I came across Clark’s analysis of the problem of science many years ago in college. I got a lot of liberal Baptists upset and uncomfortable with just one argument. It looked like I was attacking their gods. I was using one of their gods (“logic”) to kill another of their gods (“science”). It was awkward. I subsequently forgot about Clark’s argument until recently.
As Gary Crampton writes,
All scientific experiments commit the fallacy of asserting the consequent.In syllogistic form this is expressed as: “If p, then q. q; therefore, p.” Bertrand Russell, certainly no friend of Christianity, stated it this way:
All inductive arguments in the last resort reduce themselves to the following form: “If this is true, that is true: now that is true, therefore this is true.” This argument is, of course, formally fallacious. Suppose I were to say: “If bread is a stone and stones are nourishing, then this bread will nourish me; now this bread does nourish me; therefore it is a stone, and stones are nourishing.” If I were to advance such an argument, I should certainly be thought foolish, yet it would not be fundamentally different from the argument upon which all scientific laws are based.
So when theologians bend over backwards to please the unbelieving scientific community, they are abandoning their commitment to logic in order to do so.
That the World Council of Churches is antichrist, few can deny.
The question is whether y our church is a member?
Somewhere on the Internet or in Itunes is a series of talks Metr. Ware did on Salvation in Christ. At the very end of the talks is the Q and A. While it wasn’t related to the theme, one of the members of the audience asked about evolution and Darwin. Ware’s answer is very revealing, both of his own theology and relating to the recent Protestant converts’ use of Ware’s material.
In short, he answered that there is no contradiction between faith and science because they talk about two different forms of knowledge. Faith talks about God-stuff and science talks about science stuff (which usually means, “real stuff”). Whether he is right or not, I ca’nt help but point out this is old-school Christian Century liberalism, or at least the two-storeyed universe that critics of Thomism liked to point out. And he thinks this is a good thing.
As many others have noted, the most Protestant people on the planet are the Protestant converts to Orthodoxy (compare Hyperdox Herman to Cradle Christopher). To their credit, these Protestant converts are very conservative in worldview and theology. They also endorse Ware, whose theological foundations are very liberal, even if he tweaks his conclusions to be very conservative.
I saw a picture on Facebook of Gustavus III of Sweden. Below it was some caption that absolute monarchy was a purely Protestant phenomenon and should be hated and feared by all Catholics. This is part of the larger Catholic narrative that Europe was one glorious peace-place until Luther. But let’s think about it for the moment:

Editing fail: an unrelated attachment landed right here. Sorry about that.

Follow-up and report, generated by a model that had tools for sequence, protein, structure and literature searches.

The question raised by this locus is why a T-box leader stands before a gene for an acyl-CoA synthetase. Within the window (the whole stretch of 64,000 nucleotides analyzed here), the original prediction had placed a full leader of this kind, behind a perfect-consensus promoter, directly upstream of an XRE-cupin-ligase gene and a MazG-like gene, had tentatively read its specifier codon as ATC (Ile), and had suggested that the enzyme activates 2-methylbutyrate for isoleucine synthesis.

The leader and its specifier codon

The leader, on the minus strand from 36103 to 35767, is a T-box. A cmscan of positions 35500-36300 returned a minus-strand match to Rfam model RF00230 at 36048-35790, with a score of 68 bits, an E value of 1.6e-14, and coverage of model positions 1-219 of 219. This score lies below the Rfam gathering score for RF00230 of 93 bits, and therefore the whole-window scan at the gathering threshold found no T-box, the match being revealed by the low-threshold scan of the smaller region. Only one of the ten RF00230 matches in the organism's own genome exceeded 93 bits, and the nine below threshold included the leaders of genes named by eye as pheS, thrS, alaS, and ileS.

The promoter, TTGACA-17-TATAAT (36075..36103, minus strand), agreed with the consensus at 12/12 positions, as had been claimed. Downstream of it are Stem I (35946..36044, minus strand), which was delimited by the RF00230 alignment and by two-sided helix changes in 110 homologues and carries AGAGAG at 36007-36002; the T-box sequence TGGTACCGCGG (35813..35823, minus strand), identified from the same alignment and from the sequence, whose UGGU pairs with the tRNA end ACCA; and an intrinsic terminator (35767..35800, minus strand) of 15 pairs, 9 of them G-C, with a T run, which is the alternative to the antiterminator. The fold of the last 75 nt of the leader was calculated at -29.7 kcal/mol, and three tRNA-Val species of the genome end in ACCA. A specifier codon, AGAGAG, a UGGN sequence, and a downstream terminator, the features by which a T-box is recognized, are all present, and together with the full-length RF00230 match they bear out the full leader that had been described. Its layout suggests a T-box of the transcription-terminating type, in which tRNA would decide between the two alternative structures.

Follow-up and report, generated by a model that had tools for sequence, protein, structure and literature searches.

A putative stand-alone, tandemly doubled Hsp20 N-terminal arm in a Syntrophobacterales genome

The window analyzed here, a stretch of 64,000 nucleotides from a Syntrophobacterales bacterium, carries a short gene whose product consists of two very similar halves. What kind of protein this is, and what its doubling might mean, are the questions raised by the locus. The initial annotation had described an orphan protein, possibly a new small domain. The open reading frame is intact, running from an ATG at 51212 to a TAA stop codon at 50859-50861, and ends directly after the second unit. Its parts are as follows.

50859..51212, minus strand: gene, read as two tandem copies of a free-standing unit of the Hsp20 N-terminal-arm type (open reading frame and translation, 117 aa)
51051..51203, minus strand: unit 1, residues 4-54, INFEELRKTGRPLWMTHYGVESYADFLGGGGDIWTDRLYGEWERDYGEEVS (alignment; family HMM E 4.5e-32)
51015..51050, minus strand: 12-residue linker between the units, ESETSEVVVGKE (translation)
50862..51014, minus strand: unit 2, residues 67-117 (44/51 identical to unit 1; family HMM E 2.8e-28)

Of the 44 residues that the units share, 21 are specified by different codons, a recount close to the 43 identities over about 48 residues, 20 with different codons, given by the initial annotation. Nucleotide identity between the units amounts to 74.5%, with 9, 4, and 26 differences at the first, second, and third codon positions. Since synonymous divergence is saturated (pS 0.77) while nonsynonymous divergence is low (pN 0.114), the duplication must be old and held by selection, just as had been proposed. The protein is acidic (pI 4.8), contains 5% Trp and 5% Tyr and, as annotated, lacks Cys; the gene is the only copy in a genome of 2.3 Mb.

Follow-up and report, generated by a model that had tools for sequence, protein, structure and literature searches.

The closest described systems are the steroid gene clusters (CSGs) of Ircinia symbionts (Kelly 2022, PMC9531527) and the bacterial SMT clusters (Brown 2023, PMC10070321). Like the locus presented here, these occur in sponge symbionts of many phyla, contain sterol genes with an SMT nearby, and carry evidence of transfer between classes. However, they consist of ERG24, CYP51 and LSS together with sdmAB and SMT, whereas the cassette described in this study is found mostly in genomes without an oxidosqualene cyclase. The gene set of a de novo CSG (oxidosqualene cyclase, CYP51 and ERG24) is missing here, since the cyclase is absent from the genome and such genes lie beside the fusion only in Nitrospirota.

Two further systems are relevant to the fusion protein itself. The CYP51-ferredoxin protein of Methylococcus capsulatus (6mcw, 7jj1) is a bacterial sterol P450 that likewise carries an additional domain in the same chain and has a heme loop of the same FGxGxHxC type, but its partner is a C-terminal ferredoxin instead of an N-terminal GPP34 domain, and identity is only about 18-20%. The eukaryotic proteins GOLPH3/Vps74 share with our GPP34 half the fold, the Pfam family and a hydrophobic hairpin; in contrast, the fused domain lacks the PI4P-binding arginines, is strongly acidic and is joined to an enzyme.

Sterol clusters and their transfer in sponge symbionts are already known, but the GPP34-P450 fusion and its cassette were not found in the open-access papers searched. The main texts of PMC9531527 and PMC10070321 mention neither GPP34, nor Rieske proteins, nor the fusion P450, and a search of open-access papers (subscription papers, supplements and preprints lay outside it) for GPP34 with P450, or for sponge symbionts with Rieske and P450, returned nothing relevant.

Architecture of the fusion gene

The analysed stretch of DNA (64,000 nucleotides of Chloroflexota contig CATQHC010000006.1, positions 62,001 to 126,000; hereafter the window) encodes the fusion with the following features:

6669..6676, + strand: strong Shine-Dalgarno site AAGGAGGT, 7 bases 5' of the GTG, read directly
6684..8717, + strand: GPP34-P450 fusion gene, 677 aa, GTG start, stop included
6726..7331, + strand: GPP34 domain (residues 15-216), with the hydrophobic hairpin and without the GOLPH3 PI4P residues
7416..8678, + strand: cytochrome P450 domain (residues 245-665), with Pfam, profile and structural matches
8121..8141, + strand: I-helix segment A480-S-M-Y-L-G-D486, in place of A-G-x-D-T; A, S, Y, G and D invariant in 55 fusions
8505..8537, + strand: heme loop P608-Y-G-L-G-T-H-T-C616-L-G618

Yes, there were absolute monarchs in Europe who were Protestant, but there weren’t that many and their actions, while perhaps heavy-handed at times, were no worse than the (then) current British Parliament or Washington D.C. today. Some absolute monarchs like Frederick of Prussia were quite benevolent and allowed peace and stability in their country to a degree not found elsewhere. On the other hand, there were other absolute monarchs in Europe who were Romanist, or closet Romanists (the Stuarts in England) who were quite brutal and butchered Protestants by the thousands.
Cyrillian Christology says that the hypostasis is the acting subject. In other words, persons, not natures act. This safeguards against Nestorianism, and rightly so.
We have a tension in modern Christology, though. Moderns speak of natures as self-actualizing subjects. According to McCormack, the 6th Ecumenical Council moved away from some themes in Chalcedon by positing two wills. While Cyrillians would still say that yes, there are two wills in one nature, but it is still the Person doing the willing. But which nature is being willed? Or, which will is currently employed? The problem is that the one divine person is doing the action, yet it also appears that sometimes not all of the divine person is involved in the action.
This refutes neither Cyrillian Christology or dyotheletism, but it is a tension that moderns have rightly pointed out.
For the past ten years I was sympathetic to, if not openly defending, the New Perspective on Paul as an alternative reading to Luther and Calvin on Galatians and Romans. I have since rejected this view for the following reasons:
- As E. P. Sanders’ own work makes clear (in conjunction with some bloggers at C2C) held to the “merit of the fathers” idea. This is hard-core semi-Pelagianism. If so, then the anti-semi pelagian reading of Romans and Galatians is closer to the mark.
- The argument that “works of the law” = “ethnic boundary markers” is interesting. If that is true, though, then how can Paul’s preaching of justification be construed as antinominianism, of which he was clearly charged? Very few people will infer licentious immorality from the proposition “you can eat shrimp now.”
- While I like N.T. Wright’s reading that Jesus was the end of Israel’s exile, this makes sense only within Israel. As the apostles moved outside the Levant, this message moves to the background.